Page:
• Drilling: In this method, a drilling instrument is used to create holes in the injured joint surface. Drilling holes creates a blood supply and stimulates the growth of new cartilage. Although the method is similar to microfracture, it is less precise, and the heat produced during drilling may damage other tissues.
  • Abrasion Arthroplasty: This procedure is similar to drilling, but a high-speed metal-like object is used to remove the damaged cartilage instead of drills or wires.
  • Osteochondral Autograft Transplantation: This is a procedure in which healthy cartilage tissue is taken from a non-weight bearing part of the bone and placed into the defect area creating a smoother surface on the cartilage of the joint. This procedure is done for smaller defects and can be performed with arthroscopic technique.
  • Osteochondral Allograft Transplantation: This procedure is performed when the cartilage defect is large enough for an allograft to be used. An allograft, a block of cartilage or bone obtained from a deceased donor, is used. The allograft is sterilized and prepared so as to fit exactly into the defect area. This procedure does require a larger, open incision.
  • Autologous Chondrocyte Implantation: In this method, a piece of healthy cartilage from another site is removed using an arthroscopic technique and is cultured in the laboratory for 3 to 5 weeks to increase their number. Cultured cells form a larger patch which is then implanted into the damaged area by open surgery.

Postoperative Care and Instructions

In general, postoperative care instructions and recovery after cartilage preservation techniques will involve the following:

  • You will be transferred to the recovery area where your nurse will closely observe you for any allergic or anesthetic reactions and monitor your vital signs as you recover.
  • You may notice pain, swelling, and discomfort in the operated area. Pain and anti-inflammatory medications are provided as needed.
  • You will be provided with assistive devices such as crutches with instructions on restricted weight-bearing for a specified period of time. You are encouraged to walk with assistance as frequently as possible to prevent blood clots.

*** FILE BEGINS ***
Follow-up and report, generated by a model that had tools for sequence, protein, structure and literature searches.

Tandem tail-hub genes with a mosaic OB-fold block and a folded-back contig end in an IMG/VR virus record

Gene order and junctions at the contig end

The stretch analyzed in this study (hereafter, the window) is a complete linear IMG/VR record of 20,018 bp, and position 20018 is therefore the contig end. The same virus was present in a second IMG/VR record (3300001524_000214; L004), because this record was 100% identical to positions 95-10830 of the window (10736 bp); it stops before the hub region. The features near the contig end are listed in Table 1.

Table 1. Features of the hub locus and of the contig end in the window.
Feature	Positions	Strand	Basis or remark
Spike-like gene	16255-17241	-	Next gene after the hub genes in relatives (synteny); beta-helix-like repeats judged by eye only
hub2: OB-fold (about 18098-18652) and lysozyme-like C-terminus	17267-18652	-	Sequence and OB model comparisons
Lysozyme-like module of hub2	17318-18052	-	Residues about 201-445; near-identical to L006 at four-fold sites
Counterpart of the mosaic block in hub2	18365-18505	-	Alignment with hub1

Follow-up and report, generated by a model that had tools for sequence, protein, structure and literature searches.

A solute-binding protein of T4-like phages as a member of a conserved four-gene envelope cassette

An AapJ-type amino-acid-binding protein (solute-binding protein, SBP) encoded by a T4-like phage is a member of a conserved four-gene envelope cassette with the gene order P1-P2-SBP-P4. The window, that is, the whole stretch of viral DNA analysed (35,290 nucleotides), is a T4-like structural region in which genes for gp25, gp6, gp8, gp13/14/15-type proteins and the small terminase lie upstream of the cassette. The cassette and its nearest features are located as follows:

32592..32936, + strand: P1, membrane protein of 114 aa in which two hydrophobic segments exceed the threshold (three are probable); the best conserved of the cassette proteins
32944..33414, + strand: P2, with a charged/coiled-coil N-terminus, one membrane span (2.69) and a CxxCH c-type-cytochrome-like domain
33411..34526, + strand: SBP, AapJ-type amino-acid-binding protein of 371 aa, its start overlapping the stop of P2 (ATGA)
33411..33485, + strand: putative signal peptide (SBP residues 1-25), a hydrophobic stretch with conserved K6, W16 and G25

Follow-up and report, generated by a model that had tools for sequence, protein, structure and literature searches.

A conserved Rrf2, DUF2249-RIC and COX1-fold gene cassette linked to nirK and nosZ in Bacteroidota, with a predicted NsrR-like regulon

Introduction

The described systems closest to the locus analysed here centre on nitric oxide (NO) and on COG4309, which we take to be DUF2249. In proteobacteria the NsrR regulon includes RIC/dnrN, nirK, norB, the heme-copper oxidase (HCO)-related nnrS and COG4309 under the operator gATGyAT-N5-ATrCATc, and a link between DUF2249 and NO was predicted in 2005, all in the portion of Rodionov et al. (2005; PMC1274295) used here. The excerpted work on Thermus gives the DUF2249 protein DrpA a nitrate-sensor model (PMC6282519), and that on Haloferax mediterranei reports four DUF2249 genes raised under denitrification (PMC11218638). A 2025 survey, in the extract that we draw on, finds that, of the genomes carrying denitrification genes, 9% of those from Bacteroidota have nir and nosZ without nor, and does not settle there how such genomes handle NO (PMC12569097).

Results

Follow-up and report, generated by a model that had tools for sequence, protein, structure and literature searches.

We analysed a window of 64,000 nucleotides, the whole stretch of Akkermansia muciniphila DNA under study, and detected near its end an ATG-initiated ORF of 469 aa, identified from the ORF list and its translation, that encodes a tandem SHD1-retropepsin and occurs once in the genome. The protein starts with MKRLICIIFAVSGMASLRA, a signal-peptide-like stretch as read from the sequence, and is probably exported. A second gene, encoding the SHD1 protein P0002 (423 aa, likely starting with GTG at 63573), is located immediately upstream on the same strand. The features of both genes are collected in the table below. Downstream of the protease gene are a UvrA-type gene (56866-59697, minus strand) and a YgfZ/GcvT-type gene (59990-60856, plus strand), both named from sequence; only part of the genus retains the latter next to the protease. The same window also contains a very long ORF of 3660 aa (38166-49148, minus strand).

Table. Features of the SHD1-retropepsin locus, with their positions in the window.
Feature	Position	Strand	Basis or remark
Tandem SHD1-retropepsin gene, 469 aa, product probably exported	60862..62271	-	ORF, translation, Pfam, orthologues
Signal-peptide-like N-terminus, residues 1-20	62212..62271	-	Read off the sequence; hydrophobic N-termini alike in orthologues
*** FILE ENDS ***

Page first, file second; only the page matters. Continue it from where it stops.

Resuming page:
• Keep the surgical site clean and dry. Instructions on surgical site care and bathing will be provided.
  • Refrain from strenuous activities or lifting heavy weights for at least 2 to 3 months. Gradual increase in activities over a period of time is recommended.
  • An individualized physical therapy protocol will be designed to help strengthen joint muscles and optimize joint function.
  • You will be able to return to your normal activities in a month or two; however, return to sports may take 4 to 6 months or longer.
  • A periodic follow-up appointment will be scheduled to monitor your progress.

Risks and Complications

Cartilage preservation techniques are relatively safe procedures; however, as with any surgery, there are risks and complications that could occur, such as:

  • Postoperative pain
  • Bleeding 
  • Blood clots or deep vein thrombosis (DVT)
  • Infection 
  • Stiffness of the joint
  • Numbness around the incisions
  • Injury to vessels, nerves, or healthy cartilage
  • Allergic/anesthetic reactions
  • Failure of the graft
  • Loosening of the graft
  • American Board of Orthopaedic Surgery
  • Inova
  • Arthroscopy Association of North America
  • American Orthopaedic Society for Sports Medicine
  • J. Robert Gladden Orthopaedic Society
  • DC United
  • Loudoun United
  • American Orthopaedic Association